One of the earliest transitions to a politically stratified society in the Americans took place not among crop growers, but among villagers who hunted, fished and gathered wild plants along Mexico's southwestern coast about 3,500 years, ago, according to a report in the February CURRENT ANTHROPOLOGY.
This finding, along with the excavation of a coastal Peruvian settlement from the same period (SN: 1/19/91, p.38), indicates that many New World coastal societies developed without relying on agricultural techniques, which anthropologists often consider essential to the growth of civilizations.
Researchers led by anthropologist Michael Blake of the University of British Columbia in Vancouver collected 1- to 2-gram bone samples from 36 human skeletons excavated from 15 archaeological sites along the west coast of southern Mexico and Guatemala. The earliest sites date to between 2700 B.C. and 1800 B.C.; the most recent date to between A.D. 1200 and A.D. 1524.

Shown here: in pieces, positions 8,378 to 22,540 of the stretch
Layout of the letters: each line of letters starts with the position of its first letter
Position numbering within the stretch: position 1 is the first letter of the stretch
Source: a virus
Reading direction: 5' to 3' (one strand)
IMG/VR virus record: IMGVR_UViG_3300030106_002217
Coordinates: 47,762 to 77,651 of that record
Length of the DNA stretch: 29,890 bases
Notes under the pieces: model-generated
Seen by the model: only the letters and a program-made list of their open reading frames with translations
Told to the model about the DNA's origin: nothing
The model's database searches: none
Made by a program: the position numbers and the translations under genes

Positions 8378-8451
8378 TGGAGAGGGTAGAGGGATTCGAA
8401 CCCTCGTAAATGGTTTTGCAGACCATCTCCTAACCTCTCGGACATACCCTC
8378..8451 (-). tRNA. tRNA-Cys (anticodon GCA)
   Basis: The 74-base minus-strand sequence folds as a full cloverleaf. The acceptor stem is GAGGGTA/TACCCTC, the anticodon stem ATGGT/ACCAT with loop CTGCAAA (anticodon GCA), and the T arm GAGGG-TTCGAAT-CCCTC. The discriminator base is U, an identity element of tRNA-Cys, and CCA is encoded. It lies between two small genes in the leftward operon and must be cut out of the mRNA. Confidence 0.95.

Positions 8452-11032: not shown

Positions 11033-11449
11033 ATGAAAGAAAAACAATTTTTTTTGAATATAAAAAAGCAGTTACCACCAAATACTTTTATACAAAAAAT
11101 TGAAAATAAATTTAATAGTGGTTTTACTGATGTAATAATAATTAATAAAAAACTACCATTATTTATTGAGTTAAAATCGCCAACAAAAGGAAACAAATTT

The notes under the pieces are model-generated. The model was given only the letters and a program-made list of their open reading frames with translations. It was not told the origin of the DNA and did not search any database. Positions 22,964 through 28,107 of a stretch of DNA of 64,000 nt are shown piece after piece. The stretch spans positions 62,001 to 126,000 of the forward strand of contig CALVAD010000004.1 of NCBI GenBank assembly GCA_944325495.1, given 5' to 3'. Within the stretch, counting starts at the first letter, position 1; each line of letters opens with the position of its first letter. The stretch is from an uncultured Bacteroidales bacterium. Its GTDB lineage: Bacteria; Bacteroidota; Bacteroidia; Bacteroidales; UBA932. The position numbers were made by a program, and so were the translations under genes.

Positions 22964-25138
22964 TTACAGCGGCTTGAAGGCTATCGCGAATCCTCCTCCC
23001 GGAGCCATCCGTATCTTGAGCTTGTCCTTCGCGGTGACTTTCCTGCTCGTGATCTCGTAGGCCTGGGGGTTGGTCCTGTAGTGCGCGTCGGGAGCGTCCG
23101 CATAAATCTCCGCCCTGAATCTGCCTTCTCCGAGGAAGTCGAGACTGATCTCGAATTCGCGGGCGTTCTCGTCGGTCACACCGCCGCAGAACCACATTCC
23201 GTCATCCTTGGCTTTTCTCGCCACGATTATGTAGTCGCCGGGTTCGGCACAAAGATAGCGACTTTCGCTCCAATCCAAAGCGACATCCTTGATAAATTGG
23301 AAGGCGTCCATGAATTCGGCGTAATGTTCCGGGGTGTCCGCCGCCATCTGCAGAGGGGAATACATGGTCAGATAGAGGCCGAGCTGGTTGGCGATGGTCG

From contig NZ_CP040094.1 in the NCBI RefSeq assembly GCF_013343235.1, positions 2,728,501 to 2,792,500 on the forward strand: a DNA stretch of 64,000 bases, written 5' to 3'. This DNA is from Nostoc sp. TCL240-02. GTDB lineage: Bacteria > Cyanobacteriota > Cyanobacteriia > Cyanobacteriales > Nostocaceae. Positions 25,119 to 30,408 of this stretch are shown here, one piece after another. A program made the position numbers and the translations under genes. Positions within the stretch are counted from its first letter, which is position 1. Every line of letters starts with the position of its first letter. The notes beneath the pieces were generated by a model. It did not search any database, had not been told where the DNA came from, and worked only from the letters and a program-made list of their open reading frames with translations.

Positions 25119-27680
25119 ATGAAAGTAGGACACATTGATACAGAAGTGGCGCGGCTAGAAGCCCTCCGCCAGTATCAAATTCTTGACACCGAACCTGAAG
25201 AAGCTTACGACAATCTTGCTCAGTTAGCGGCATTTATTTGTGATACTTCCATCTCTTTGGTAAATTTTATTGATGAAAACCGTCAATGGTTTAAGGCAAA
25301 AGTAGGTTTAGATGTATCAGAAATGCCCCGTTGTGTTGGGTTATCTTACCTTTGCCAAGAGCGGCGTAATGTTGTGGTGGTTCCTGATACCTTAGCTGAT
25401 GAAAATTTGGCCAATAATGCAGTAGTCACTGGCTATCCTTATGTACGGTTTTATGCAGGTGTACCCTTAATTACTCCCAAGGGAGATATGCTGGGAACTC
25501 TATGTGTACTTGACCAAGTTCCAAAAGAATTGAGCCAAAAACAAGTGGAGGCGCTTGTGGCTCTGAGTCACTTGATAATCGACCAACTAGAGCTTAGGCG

The scientists ground up each bone sample and produced a dried gelatin for chemical analysis in a mass spectrometer. Ratios of specific carbon and nitrogen isotopes in bone signify the regular consumption of particular classes of agricultural and wild plants, as well as fish and other sea creatures.
Blake's group focused on 16 bone samples taken from "early formative" villagers, who lived in sites in southwestern Mexico from around 1550 B.C. …